Falls or injuries can loosen, break, knock out or push a baby tooth up into the gum, which can damage the developing adult teeth. If your child injures a tooth in a fall or accident, take them to a dentist to have their mouth and teeth checked.
Baby tooth brushing tips
- Use a tiny smear of toothpaste for babies and toddlers up to 3 years old, and a pea-sized amount for children aged 3 to 6 years.
- Gradually start brushing your child's teeth more thoroughly, covering all the surfaces of the teeth, at least twice a day: just before bed and at another time that fits in with your regular routine.
- Not all children like having their teeth brushed, so you may have to keep trying. Make it into a game or brush your own teeth at the same time.
- The easiest way to brush a baby's teeth is to sit them on your knee, with their head resting against your chest. With an older child, stand behind them and tilt their head backwards.
- Brush the teeth in small circles, covering all the surfaces, and encourage your child to spit the toothpaste out afterwards. There's no need to rinse with water, as this will wash away the fluoride.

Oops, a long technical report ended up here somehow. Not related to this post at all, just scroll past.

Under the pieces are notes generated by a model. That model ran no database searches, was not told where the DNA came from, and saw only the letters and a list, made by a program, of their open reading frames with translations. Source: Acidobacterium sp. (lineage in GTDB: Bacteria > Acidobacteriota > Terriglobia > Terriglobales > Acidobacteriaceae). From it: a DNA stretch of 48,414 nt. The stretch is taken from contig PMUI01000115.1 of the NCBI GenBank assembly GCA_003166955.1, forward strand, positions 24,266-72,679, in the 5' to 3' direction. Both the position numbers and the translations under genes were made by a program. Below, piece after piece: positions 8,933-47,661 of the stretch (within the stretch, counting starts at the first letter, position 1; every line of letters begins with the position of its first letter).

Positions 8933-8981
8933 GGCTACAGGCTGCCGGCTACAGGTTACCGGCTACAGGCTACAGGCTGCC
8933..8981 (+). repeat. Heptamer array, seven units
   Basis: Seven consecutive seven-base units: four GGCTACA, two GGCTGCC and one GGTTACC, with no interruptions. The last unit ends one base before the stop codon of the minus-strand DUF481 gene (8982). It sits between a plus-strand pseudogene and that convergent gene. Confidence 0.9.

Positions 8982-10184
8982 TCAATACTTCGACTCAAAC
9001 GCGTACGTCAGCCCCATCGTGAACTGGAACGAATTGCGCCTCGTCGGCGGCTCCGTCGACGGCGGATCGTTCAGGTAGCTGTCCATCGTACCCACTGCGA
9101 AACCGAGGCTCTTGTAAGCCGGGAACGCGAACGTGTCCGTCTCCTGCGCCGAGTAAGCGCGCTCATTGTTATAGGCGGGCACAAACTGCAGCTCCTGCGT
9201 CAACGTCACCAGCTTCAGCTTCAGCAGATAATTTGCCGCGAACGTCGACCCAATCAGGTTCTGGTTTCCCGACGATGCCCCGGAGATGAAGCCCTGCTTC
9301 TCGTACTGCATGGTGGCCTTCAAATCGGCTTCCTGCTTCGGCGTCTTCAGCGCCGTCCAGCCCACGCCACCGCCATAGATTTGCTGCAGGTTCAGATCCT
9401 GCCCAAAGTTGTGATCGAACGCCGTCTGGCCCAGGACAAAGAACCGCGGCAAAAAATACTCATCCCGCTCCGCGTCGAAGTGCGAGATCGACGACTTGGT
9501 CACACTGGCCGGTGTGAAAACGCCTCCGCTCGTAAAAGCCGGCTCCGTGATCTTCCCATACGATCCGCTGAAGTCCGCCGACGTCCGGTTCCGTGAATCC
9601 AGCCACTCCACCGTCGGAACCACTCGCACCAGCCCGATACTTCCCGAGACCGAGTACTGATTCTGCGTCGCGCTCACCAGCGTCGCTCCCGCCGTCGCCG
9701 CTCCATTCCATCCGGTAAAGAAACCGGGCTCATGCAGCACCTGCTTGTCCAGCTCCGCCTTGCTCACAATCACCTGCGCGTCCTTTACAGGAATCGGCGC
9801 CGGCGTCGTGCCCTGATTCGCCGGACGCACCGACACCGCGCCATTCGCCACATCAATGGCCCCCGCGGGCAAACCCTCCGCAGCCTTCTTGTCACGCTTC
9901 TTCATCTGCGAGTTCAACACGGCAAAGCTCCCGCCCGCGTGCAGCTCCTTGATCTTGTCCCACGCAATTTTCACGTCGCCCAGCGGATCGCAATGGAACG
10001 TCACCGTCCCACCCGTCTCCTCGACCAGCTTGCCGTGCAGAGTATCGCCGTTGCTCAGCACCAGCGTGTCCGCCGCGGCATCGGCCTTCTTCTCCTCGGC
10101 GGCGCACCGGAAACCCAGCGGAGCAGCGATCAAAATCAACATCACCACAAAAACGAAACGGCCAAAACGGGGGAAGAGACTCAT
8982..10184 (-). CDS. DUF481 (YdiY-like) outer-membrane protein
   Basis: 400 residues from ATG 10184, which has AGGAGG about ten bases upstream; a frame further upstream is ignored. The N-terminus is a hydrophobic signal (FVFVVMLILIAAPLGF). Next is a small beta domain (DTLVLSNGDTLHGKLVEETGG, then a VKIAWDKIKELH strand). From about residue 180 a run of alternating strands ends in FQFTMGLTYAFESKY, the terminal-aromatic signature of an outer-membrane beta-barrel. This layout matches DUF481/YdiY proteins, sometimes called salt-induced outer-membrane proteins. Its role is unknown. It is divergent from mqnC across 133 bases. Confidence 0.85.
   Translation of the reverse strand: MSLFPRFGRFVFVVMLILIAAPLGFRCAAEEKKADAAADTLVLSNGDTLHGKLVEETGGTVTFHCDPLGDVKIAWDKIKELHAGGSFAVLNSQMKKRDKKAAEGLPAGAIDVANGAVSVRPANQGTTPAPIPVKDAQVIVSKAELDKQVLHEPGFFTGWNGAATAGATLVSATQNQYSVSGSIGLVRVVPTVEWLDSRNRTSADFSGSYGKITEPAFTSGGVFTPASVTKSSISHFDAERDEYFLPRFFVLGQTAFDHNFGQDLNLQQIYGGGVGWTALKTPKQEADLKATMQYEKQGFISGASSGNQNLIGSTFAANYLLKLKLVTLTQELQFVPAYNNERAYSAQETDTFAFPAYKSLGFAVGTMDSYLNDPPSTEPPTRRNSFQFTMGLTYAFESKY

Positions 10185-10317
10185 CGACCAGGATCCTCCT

- Supervise brushing to make sure your child gets the right amount of toothpaste and are not eating or licking toothpaste from the tube.
- Carry on helping your child brush their teeth until you're sure they can do it well enough themselves. This will normally be until they're at least 7.
Sugar and tooth decay
Sugar causes tooth decay. It's not just about the amount of sugar in sweet food and drinks, but how long and how often the teeth are in contact with sugar.
Lollipops and sweet drinks in a formula bottle are particularly damaging, because they bathe the teeth in sugar for long periods of time. The acid in fruit juice and squash can also harm teeth.
The sugars found naturally in whole fruit and milk are less likely to cause decay, so you don't need to cut down on these types of sugars.
How to cut down sugar in your child's diet
- Avoid sugar-sweetened drinks – the best drinks for young children are their usual milk and water